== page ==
Terrorism and population growth are two of the biggest threats facing Egypt in its history, the country's President Abdel-Fattah El-Sisi said at the Fourth National Youth Conference in the coastal city of Alexandria on Monday.
During the conference, El-Sisi said that the current rate of population growth in Egypt poses a threat to the nation, restricting Egypt's progress.
The number of Egyptians worldwide according to the government's statistics authority now stands at 101 million, including 8 million living abroad, with officials maintaining that steep rise in population will hinder the country's development plans.
The country's population stood at 99 million in June 2016.
In March of this year, The Central Agency for Public Mobilisation and Statistics (CAPMAS) said the annual rate of population growth in the country is 2.4 percent.
The president's comments followed a presentation by Health Minister Ahmed Emad El-Din Rady as part of the conference's agenda concerning the "Egypt Vision 2030" development plan.
Egypt Vision 2030 aims to implement a programme of sustainable development policies involving the country's youth, to be implemented regardless of any changes in government or leadership.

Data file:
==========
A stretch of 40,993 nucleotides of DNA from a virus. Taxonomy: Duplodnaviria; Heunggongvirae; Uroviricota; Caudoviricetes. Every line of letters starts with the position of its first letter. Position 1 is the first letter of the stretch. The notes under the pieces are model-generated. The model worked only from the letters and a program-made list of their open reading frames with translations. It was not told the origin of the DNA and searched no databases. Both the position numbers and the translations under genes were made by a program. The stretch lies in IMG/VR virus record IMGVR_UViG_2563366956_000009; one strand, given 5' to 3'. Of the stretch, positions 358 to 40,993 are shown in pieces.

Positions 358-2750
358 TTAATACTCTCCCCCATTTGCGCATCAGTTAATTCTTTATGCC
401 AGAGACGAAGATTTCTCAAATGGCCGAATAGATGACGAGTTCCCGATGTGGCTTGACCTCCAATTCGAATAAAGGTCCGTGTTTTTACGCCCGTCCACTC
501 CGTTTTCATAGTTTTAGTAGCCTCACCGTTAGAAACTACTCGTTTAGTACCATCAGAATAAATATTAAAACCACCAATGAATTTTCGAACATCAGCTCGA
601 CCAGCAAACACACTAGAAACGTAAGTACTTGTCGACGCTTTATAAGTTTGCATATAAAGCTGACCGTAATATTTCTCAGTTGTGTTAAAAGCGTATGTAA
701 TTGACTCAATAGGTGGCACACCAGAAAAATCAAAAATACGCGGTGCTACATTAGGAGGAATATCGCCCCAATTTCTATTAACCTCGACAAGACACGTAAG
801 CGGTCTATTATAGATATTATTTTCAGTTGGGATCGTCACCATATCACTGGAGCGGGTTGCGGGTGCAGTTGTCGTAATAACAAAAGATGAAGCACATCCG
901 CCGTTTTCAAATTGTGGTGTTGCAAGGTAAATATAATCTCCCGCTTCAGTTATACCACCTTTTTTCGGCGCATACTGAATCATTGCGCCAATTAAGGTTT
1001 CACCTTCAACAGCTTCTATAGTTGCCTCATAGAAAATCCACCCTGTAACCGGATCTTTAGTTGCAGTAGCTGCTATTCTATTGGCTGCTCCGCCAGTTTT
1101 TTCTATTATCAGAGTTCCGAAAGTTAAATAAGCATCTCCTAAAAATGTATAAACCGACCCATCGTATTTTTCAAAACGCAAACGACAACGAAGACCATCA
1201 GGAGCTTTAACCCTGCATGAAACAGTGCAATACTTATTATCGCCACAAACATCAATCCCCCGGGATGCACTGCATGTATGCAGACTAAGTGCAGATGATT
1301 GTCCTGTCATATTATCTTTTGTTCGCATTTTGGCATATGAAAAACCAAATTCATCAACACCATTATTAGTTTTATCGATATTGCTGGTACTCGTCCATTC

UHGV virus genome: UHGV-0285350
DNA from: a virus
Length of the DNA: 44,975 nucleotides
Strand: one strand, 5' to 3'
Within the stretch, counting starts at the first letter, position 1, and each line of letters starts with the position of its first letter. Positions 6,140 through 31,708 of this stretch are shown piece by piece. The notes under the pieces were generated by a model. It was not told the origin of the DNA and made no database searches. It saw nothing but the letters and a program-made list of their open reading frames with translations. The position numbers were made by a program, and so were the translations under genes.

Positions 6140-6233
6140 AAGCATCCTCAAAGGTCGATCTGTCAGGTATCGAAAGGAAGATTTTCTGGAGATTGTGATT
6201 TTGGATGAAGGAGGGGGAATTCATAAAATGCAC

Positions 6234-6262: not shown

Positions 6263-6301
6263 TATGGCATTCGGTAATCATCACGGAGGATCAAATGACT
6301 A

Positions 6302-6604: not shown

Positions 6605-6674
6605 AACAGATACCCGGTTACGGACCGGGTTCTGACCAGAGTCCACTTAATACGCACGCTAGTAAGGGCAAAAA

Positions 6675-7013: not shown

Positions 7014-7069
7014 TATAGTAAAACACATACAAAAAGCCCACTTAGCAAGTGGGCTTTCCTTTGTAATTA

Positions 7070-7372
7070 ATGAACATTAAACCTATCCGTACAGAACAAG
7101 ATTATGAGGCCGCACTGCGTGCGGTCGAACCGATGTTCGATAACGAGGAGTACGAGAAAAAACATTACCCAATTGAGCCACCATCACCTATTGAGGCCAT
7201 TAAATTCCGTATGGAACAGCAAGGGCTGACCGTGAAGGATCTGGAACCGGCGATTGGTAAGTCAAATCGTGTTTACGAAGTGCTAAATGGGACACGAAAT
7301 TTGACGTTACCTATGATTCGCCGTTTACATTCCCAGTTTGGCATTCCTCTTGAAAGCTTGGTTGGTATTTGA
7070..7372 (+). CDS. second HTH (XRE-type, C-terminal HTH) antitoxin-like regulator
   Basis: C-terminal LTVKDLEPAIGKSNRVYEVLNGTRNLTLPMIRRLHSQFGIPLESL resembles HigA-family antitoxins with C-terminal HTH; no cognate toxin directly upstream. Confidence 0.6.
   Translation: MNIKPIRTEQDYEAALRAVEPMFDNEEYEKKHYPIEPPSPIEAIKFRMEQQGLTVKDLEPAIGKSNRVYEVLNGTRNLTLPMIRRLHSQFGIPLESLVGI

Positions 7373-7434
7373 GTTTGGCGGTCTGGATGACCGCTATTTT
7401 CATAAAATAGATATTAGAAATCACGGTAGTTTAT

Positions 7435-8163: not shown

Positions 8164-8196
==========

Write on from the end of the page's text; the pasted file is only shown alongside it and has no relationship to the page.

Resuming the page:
"You would lose your children because you can't afford to spend money on them," El-Sisi said.
"You want to ensure education is provided to all? Fix the population problem. You want to guarantee job opportunities? Fix the population problem. You want medical services? Fix the population problem," El-Sisi said.
He said that the population dilemma was a threat to both Egyptians and the government, with each having a role to perform, although the benefits of the appropriate actions would not be immediately visible.
During a presentation on education reforms by Education Minister Tarik Shawki, one attendee asked about the salaries of teachers, with El-Sisi commenting: "We either have patience and fight to reach development, or we beg."
Shawki said the ministry's main goal was to provide education and training to all without discrimination, as well as to improve education and the competitiveness of the education system.
He also assured high-school students and their parents that there would be no additional reforms now to the secondary certificate system, known as Thanaweya Amma, which has been harshly critcised for years.
He said a new system might be adopted at some future point, but he did not say when such a move might happen.
"The new Thanaweya Amma system should be tested before its implementation," El-Sisi said.
Monday's conference is the most recent in a series of events in Sharm El-Sheikh, Aswan and Ismailia aimed at tackling issues of direct relevance to Egypt's young people, including enhancing their political participation and preparing them for future leadership roles.